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Supreme Leader: Iran Won't Give in On Election - ASHARQ AL-AWSAT English Archive
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A mock Statue of Liberty with prison bars stands next to a portrait of Iran's late founder of the Islamic Republic Ayatollah Khomeini, in front of the main building of the former US embassy in Tehran. (AFP)

A mock Statue of Liberty with prison bars stands next to a portrait of Iran’s late founder of the Islamic Republic Ayatollah Khomeini, in front of the main building of the former US embassy in Tehran. (AFP)

CAIRO, (AP) – Iran’s supreme leader said Wednesday that the government would not give in to pressure over the disputed presidential election, effectively closing the door to compromise with the opposition.

Iran also said it was considering downgrading ties with Britain, which it has accused of spying and fomenting days of unprecedented street protests over the vote.

“On the current situation, I was insisting and will insist on implementation of the law. That means, we will not go one step beyond the law,” Khamenei said on state television. “For sure, neither the system nor the people will give in to pressures at any price.” He used language that indicated he was referring to domestic pressures.

Opposition leader Mir Hossein Mousavi claims that hard-line President Mahmoud Ahmadinejad stole the June 12 election through massive fraud. He has called for annulling the results and holding a new vote.

Mousavi supporters flooded the streets of Tehran and other cities after the vote, massing by the hundreds of thousands in protests larger than any since Iran’s 1979 Islamic Revolution. Security forces initially stood by and permitted the demonstrations.

Khamenei said in a stern sermon broadcast to the nation Friday that Ahmadinejad was the legitimate winner. He told opposition supporters to halt their protests and blamed the U.S., Britain and other foreign powers for instigating unrest.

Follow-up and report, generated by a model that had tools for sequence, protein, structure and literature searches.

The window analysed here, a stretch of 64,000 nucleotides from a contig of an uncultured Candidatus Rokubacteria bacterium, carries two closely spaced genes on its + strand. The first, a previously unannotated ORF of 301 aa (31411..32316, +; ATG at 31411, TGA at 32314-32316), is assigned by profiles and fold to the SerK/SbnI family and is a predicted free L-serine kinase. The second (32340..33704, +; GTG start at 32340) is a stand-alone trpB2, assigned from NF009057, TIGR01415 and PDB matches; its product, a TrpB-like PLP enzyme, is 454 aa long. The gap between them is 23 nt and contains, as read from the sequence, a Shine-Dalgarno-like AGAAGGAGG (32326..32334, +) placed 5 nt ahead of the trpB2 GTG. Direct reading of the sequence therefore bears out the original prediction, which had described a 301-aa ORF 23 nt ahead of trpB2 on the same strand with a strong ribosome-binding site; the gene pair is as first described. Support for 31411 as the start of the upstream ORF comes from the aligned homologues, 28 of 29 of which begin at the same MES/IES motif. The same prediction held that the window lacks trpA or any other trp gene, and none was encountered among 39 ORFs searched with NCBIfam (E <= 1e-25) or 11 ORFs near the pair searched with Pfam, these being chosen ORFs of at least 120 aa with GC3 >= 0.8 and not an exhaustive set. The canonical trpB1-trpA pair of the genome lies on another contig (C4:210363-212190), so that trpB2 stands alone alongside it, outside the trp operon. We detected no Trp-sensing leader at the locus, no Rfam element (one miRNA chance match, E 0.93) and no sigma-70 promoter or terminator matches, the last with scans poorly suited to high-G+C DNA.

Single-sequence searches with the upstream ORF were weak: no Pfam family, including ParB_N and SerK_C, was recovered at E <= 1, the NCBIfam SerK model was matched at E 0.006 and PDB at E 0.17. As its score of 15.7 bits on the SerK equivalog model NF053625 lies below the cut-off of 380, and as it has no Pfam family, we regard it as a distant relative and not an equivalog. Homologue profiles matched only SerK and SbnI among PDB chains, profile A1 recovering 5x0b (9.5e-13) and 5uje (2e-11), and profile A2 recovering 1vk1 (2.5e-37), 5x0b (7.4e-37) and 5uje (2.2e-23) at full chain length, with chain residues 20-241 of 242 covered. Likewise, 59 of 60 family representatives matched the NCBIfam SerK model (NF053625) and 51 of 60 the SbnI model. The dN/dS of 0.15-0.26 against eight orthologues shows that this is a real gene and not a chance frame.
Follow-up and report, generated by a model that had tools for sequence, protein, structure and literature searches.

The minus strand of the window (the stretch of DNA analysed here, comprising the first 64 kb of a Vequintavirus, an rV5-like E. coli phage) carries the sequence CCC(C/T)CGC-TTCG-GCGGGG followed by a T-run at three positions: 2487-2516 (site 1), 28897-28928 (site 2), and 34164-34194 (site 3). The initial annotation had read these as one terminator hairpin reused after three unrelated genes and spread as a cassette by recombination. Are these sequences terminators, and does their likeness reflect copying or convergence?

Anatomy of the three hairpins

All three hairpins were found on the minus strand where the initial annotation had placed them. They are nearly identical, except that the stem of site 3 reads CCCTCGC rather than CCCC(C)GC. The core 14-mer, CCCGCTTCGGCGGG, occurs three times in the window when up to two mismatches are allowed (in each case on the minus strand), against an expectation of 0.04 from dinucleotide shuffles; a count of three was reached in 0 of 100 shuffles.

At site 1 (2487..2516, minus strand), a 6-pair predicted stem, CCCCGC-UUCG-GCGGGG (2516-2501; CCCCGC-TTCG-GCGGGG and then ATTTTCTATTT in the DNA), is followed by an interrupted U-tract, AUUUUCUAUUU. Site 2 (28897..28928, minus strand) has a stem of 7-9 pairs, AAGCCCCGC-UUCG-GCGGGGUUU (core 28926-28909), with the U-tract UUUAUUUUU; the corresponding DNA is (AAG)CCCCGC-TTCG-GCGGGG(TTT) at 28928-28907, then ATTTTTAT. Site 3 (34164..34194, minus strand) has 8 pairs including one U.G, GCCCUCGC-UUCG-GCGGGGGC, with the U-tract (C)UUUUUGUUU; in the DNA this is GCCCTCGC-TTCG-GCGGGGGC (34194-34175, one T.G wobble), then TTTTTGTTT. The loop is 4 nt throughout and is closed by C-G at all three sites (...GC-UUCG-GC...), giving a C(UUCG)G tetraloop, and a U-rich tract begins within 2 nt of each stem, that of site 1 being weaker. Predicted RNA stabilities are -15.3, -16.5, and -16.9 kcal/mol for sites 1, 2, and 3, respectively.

The government then ramped up both the use of force and its rhetoric, beating protesters, firing tear gas and water cannons at them. State media say at least 17 people have been killed in the post-election unrest. Amateur footage of a 27-year-old woman bleeding to death from a gunshot on a Tehran street unleashed outrage at home and abroad.

The government accused Britain of using spies to foment the unprecedented street protests and Iran expelled two British diplomats Tuesday. Prime Minister Gordon Brown announced that two Iranian diplomats were being sent home in retaliation.

Foreign Minister Manouchehr Mottaki was asked about the option of reducing diplomatic relations with London after a Cabinet meeting in Tehran.

“We are studying it,” Mottaki said, according to state television.

A young girl holds up photos comparing the Iranian President Ahmadinejad with Adolf Hitler during a protest against the result of the recent Iranian elections in Los Angeles. (AFP)

A young girl holds up photos comparing the Iranian President Ahmadinejad with Adolf Hitler during a protest against the result of the recent Iranian elections in Los Angeles. (AFP)

A picture obtained on June 23, 2009 shows members of Iran's Islamic Basij militia patrolling a street in Tehran. (AFP)

A picture obtained on June 23, 2009 shows members of Iran’s Islamic Basij militia patrolling a street in Tehran. (AFP)

Asharq Al-Awsat

Asharq Al-Awsat

Asharq Al-Awsat is the world’s premier pan-Arab daily newspaper, printed simultaneously each day on four continents in 14 cities. Launched in London in 1978, Asharq Al-Awsat has established itself as the decisive publication on pan-Arab and international affairs, offering its readers in-depth analysis and exclusive editorials, as well as the most comprehensive coverage of the entire Arab world.

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